Cloud Computing has changed the way we deal with computing power fundamentally. Today, more than half of European businesses and consumers are using some kind of Cloud service. Even though the general uptake and development still lags about 3 years behind US levels, the researchers believe that the adoption of Cloud in the European Union could generate significant economic benefits by 2020.
In a study commissioned by the European Union, IDC identifies barriers that need to be overcome to reach a full uptake of the Cloud Computing model in Europe. About 60% of respondents identified technology related characteristics as main inhibitors. The lack of security, portability and change control are the main hurdles to overcome.
As the study was commissioned by a government authority that is not yet sure how to deal with the regulatory framework surrounding Cloud, IDC puts forward two possible economic scenarios in Europe depending on the level of governance intervention.
If there would be no intervention, Cloud would contribute around 88 billion Euros to the European GDP by 2020. At the same time it would generate 1,3 million new workplaces. If intervention policies were to be pursued, the adoption of Cloud could generate up to 250 billion Euros and create 3.8 million new Jobs by 2020.
Recent events like PRISM, Cloud outages and the dominance of a few providers in the market could act as catalysts for European lawmakers to use the finds of this study as an argument for strong government intervention. The question remains however if the promising relatively new industry of Cloud computing would really benefit from interventionist policies. Most innovation in the area of Cloud is carried out by start-ups and small companies that need a innovation-friendly policy environment.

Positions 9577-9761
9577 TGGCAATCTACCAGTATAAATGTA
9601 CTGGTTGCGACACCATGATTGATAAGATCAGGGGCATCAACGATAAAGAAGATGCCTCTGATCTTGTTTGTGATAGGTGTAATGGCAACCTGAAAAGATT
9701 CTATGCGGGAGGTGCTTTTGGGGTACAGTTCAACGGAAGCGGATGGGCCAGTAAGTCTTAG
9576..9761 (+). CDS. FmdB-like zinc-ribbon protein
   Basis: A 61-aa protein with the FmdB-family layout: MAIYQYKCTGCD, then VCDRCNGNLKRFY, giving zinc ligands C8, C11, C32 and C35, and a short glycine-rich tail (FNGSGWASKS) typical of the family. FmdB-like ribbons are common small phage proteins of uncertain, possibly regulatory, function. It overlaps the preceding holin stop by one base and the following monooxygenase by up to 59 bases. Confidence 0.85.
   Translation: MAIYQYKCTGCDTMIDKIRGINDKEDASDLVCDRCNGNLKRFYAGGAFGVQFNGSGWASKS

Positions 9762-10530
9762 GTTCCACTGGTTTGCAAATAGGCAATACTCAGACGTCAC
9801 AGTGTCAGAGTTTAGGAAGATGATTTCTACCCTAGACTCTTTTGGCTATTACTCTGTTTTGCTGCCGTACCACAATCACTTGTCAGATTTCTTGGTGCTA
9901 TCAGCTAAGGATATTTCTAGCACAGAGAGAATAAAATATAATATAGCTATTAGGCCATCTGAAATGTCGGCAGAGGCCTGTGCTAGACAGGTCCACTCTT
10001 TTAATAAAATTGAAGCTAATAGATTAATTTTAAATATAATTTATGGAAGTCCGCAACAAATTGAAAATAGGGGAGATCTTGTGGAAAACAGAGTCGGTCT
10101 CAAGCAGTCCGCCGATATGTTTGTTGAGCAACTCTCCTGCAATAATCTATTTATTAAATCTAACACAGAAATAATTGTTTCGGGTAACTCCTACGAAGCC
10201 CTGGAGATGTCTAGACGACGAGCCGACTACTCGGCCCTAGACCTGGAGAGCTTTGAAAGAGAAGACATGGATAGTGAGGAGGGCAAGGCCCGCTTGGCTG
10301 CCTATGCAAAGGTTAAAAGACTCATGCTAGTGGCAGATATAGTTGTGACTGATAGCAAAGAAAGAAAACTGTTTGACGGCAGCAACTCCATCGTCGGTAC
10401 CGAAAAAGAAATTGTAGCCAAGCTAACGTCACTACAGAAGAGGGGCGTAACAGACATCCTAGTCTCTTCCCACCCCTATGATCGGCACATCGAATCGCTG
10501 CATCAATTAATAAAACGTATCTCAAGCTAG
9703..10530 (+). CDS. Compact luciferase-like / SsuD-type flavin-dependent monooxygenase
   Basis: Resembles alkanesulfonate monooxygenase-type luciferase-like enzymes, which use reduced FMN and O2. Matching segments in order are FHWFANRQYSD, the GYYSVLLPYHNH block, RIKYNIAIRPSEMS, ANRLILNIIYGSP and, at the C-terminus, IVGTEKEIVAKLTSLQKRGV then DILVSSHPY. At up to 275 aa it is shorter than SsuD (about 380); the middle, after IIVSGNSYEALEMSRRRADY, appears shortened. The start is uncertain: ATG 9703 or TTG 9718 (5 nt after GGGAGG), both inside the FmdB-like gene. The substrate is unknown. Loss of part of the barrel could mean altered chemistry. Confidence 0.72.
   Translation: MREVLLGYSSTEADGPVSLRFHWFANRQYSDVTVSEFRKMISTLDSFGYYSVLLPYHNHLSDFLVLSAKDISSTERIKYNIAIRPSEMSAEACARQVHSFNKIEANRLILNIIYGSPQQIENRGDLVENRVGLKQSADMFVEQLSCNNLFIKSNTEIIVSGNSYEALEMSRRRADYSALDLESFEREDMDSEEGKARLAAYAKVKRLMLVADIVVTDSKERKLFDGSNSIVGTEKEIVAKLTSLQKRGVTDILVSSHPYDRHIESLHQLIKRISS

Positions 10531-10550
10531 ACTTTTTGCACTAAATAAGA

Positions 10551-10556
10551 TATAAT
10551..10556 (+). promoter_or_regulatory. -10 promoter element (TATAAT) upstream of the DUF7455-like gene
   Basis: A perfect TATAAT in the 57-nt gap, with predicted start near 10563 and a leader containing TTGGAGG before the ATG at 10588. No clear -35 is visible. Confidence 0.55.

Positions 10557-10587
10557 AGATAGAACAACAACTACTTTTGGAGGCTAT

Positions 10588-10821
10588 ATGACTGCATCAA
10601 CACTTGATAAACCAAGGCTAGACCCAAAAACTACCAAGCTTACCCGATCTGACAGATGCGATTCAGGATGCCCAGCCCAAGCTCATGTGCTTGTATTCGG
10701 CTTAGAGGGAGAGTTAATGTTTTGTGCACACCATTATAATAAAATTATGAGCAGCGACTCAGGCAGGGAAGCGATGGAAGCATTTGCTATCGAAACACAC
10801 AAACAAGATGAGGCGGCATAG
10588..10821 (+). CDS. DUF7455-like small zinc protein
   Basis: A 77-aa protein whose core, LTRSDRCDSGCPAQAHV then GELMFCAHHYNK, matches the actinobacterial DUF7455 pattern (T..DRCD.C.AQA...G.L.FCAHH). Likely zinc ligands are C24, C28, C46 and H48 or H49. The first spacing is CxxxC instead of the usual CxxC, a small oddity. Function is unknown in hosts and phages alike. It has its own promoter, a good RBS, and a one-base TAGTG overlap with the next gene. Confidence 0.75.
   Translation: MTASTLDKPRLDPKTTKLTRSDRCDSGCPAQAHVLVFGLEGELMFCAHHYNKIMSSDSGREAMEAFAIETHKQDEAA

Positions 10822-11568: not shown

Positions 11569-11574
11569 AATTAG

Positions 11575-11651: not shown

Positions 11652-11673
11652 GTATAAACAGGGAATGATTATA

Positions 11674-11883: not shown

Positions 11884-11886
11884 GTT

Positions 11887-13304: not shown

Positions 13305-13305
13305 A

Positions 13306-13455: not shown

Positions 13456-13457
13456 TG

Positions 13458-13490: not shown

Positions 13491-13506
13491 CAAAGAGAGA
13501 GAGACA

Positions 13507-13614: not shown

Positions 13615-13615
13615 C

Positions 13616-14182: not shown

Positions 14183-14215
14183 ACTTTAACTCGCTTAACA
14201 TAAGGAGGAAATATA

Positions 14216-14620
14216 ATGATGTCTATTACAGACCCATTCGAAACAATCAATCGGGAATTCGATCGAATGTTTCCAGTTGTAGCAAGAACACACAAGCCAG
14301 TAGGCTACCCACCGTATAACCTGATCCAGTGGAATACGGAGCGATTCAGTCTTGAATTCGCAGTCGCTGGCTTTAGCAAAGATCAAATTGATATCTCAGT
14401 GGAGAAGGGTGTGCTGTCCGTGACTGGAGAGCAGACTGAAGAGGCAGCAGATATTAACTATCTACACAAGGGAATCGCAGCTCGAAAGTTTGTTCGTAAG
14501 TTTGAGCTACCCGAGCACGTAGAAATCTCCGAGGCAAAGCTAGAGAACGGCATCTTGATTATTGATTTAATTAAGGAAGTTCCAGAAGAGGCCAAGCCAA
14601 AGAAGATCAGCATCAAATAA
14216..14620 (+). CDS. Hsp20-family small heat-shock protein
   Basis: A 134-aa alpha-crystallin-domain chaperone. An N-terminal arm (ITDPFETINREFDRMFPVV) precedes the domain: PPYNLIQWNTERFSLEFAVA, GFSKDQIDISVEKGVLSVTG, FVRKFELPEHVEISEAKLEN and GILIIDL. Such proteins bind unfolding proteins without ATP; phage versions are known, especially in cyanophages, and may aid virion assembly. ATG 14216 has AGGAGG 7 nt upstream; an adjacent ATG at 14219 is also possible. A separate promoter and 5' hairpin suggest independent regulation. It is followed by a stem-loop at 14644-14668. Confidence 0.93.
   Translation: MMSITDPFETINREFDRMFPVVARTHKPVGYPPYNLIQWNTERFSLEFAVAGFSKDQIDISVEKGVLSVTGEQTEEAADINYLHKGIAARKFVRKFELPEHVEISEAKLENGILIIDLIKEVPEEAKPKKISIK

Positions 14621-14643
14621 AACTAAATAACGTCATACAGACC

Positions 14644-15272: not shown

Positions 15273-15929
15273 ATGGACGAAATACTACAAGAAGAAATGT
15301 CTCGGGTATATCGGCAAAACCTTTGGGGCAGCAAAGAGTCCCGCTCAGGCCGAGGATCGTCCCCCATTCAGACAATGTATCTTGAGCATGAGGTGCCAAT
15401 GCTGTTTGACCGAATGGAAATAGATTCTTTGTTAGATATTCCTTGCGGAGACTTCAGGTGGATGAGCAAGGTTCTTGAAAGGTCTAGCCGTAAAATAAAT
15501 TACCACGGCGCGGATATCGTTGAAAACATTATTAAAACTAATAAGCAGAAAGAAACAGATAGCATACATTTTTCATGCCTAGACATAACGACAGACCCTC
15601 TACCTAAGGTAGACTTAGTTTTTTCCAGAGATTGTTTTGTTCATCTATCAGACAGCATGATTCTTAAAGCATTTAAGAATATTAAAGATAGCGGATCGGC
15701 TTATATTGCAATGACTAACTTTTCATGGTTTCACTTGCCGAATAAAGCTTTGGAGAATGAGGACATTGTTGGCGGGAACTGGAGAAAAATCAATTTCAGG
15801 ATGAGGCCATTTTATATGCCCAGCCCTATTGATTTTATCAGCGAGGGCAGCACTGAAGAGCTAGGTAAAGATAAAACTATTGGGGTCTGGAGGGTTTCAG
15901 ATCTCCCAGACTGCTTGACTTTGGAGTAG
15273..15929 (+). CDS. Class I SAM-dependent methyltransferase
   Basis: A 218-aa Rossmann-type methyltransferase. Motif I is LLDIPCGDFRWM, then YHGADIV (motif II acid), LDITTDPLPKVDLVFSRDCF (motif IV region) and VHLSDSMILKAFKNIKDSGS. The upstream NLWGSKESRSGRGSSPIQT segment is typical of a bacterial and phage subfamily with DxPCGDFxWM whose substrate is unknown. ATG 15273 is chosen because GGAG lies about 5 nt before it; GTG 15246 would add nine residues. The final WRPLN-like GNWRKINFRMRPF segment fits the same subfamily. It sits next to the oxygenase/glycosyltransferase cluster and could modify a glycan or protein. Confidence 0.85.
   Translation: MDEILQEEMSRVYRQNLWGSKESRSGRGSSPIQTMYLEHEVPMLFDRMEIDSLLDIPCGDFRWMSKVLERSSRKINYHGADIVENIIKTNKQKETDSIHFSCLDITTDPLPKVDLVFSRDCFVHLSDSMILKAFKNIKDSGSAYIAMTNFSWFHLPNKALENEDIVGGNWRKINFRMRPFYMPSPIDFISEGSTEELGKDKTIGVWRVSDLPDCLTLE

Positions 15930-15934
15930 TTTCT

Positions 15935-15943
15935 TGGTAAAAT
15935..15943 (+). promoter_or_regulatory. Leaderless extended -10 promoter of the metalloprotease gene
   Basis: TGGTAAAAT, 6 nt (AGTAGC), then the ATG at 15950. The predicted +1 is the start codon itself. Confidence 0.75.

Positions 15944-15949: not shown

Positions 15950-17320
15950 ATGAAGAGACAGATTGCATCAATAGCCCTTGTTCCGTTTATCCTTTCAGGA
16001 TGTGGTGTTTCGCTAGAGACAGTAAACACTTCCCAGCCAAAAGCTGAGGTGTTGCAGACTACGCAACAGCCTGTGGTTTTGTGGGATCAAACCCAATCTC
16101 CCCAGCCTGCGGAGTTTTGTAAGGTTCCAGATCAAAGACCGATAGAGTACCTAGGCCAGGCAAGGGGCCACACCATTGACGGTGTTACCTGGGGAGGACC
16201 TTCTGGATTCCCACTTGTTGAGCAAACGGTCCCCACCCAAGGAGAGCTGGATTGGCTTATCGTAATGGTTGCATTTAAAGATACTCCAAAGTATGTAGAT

In general, SMEs contribute to more than half of the total value-added created by businesses in the EU. Moreover, SMEs are the true back-bone of the European economy, being primarily responsible for wealth and economic growth, next to their key role in innovation and R&D. The question remains whether an emerging industry should be subjected to strong government intervention or not. New Cloud applications and features are developed in European SMEs every day. Often, these tools are answers to the challenges identified by IDC. ECmanaged, the pioneering European multi-Cloud management tool is one example. It addresses the portability and change control concern. ECmanaged provides a secure platform where IT professionals can launch and manage their Cloud applications and platforms in a vendor-agnostic way.
This article has been written based upon data published in the 2012 report “Quantative Estimates of the demand for Cloud computing in Europe and the likely barriers to up-take” which was drafted by advisory company IDC to the European Commission.
Image Source: http://www.ipajournal.com/2012/06/12/europes-economic-waves/